BEIJING - China has set a modest growth target of "around 5.5 per cent" for this year, as top policymakers grapple with global uncertainties brought on by Russia's invasion of Ukraine and the ongoing coronavirus pandemic, and domestic troubles in its housing market.
This level of growth will be the lowest in more than three decades for the world's second-largest economy, discounting 2020 when Covid-19 erupted and capped expansion at 2.2 per cent.
Last year, it managed to outperform its target of "above 6 per cent" by growing 8.1 per cent on the back of strong exports, fixed assets investments and retail sales in the first quarter.
But growth sputtered later in the year, dragged down by a severe credit crunch in the property sector, power shortages and sporadic Covid-19 outbreaks across the country.
The gross domestic product (GDP) growth target is set out in this year’s annual work report that Premier Li Keqiang delivered to 2,800 lawmakers, who have arrived from all parts of the country in the capital city for the annual meeting of China’s top legislature, the National People’s Congress (NPC), which starts today (March 5).
Job targets, property market
Other targets include creating more than 11 million new urban jobs, capping urban unemployment rate at 5.5 per cent and limiting inflation to around 3 per cent - similar to aims that China set for last year as well.
Last year, China created 12.69 million urban jobs and limited the urban unemployment rate to 5.1 per cent, while inflation increased by 0.9 per cent.
This year, a record 10.76 million graduates are expected to enter the job market, up from the 9.09 million last year.
Mr Li said the government would provide “stronger policy support and uninterrupted services” to ensure new jobseekers can find employment or start businesses.
The deficit-to-GDP ratio is set at 2.8 per cent for this year, slightly lower than the 3.2 per cent set last year.
Mr Li is due to step down after serving two five-year terms as prime minister.
In his presentation on Saturday, Mr Li painted a gloomier outlook for the economy, even as he strove to strike a positive note.
“This year, our country will encounter more risks and challenges, and we must keep pushing to overcome them,” he said. “We must make economic stability our top priority and pursue progress while ensuring stability.”
In the past year, China’s growth has been dragged down by a regulatory clampdown on its property sector, which makes up about a third of its economy.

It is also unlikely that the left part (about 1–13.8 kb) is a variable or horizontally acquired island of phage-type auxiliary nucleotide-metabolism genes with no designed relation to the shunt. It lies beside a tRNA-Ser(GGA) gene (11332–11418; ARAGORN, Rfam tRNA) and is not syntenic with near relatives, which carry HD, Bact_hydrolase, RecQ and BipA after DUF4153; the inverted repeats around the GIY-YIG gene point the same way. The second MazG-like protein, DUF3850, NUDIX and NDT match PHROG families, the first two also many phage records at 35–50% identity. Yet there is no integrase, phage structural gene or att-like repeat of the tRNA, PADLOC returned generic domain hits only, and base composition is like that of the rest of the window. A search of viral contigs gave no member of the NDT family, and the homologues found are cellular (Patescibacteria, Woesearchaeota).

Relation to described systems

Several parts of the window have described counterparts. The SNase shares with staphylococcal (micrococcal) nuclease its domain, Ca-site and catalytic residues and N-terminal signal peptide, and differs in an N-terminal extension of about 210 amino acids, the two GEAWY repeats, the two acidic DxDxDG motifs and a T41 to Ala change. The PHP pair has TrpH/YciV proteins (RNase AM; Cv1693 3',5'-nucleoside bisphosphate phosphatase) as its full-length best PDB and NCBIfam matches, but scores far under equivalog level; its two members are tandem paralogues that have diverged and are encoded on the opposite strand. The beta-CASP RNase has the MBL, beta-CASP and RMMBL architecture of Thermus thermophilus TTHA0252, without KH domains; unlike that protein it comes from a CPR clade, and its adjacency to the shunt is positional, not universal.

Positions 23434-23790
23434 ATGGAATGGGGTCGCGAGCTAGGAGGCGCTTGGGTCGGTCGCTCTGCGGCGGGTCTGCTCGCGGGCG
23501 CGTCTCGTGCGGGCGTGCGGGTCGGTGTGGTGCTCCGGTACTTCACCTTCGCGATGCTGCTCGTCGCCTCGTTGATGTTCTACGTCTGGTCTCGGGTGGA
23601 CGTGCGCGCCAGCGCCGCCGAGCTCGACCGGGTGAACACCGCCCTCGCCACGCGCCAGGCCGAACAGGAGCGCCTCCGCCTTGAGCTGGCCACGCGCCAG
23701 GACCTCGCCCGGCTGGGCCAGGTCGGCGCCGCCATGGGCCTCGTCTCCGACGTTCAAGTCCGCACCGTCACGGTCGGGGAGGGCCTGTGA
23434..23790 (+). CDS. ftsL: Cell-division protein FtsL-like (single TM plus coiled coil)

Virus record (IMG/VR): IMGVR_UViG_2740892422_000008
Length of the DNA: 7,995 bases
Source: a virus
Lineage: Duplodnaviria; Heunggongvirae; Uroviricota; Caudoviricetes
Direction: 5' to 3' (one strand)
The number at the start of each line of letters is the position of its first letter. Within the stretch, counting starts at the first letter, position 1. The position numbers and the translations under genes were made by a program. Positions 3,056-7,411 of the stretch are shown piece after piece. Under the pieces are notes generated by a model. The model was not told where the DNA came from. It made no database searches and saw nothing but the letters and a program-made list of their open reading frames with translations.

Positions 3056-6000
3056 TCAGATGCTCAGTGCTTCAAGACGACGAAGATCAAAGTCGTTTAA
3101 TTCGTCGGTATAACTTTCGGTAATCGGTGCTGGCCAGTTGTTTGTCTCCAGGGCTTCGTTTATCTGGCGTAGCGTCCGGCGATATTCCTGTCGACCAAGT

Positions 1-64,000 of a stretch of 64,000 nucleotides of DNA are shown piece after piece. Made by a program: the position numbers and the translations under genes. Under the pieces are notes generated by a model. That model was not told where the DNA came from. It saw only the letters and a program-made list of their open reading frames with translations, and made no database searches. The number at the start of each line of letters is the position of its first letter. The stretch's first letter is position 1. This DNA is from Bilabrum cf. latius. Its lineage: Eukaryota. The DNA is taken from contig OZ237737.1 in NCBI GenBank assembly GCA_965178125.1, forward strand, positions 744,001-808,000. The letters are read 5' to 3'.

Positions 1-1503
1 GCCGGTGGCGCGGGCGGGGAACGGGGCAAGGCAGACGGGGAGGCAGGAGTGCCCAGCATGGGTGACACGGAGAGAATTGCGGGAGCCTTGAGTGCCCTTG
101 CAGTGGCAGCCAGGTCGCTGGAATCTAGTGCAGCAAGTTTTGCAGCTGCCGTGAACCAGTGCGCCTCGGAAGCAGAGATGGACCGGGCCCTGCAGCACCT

Policymakers have tried to cool runaway housing prices as part of a policy that emphasises “houses are for living in, not for speculation”.
Sales at China's 100 biggest developers fell about 40 per cent in January from a year earlier, compared with a 35 per cent dip in December, according to preliminary data by China Real Estate Information Corp.
A number of Chinese developers, including the heavily indebted Evergrande, are in default.
Mr Li said the government would “move faster” to develop the long-term rental market, promote the construction of government-subsidised housing and support commodity housing.
Covid-19, Russian invasion weigh on economy
China is also the last major economy to insist on a strict zero Covid-19 approach even as many countries, including its biggest rival the United States, have lifted border restrictions to spur growth.
Sudden lockdowns, tight border controls and mass testing have disrupted economic activity last year.
For example, the highly contagious Covid-19 Delta variant, which may have been brought into China in July last year, caused retail sales in August to grow by only 2.5 per cent from a year ago, a sharp slowdown from the 8.5 per cent uptick recorded in July.
A reason for the slower growth was due to the Delta variant outbreaks, Chinese authorities said, as Beijing locked down cities and cancelled flights.
The national legislature's spokesman Zhang Yesui acknowledged on Friday that tough Covid-19 measures had "put some strain" on businesses and industries, but said the impact was short-term.
"Any containment measure will come at a cost, but compared with the lives, safety and health of people, these costs are worthwhile," he told reporters at a news conference ahead of the NPC opening.
Meanwhile, Russia's military aggression in Ukraine has dimmed global outlook as tough sanctions imposed on Moscow by major governments in the West take effect.
Prices of oil, grains and metals have surged, since Russia is a major player in oil exports and both Russia and Ukraine export wheat, corn and a number of essential metals.
China is Russia's and Ukraine's largest trading partner.
Dr Scott Kennedy, a senior adviser at the Centre for Strategic and International Studies in the US, wrote in a note on Thursday that Chinese companies will face losses as part of China's trade with Russia and Ukraine will be hit by the invasion and subsequent sanctions.
"There are almost no scenarios in which China comes out net ahead," Dr Kennedy said, pointing out that "the real danger here is whether China would risk becoming the target of... sanctions in order to maintain its support for Moscow".
China's economy could be hit "with substantial penalties that would be more challenging to absorb" if it undermined the sanctions, he added.
Officials have signalled in the past months that the Chinese economy faces serious challenges.
In December, top policymakers said after a Politburo meeting chaired by President Xi Jinping that China will prioritise stability when making decisions about the economy.
Subsequently, a statement released after the closely-watched annual Central Economic Work Conference - which sets the government's economic agenda - named the three challenges that the country faces this year: declining demand, supply shocks and a gloomier global outlook.
The International Monetary Fund expects China's economy to grow 4.8 per cent this year, while the World Bank projects a higher 5.1 per cent expansion.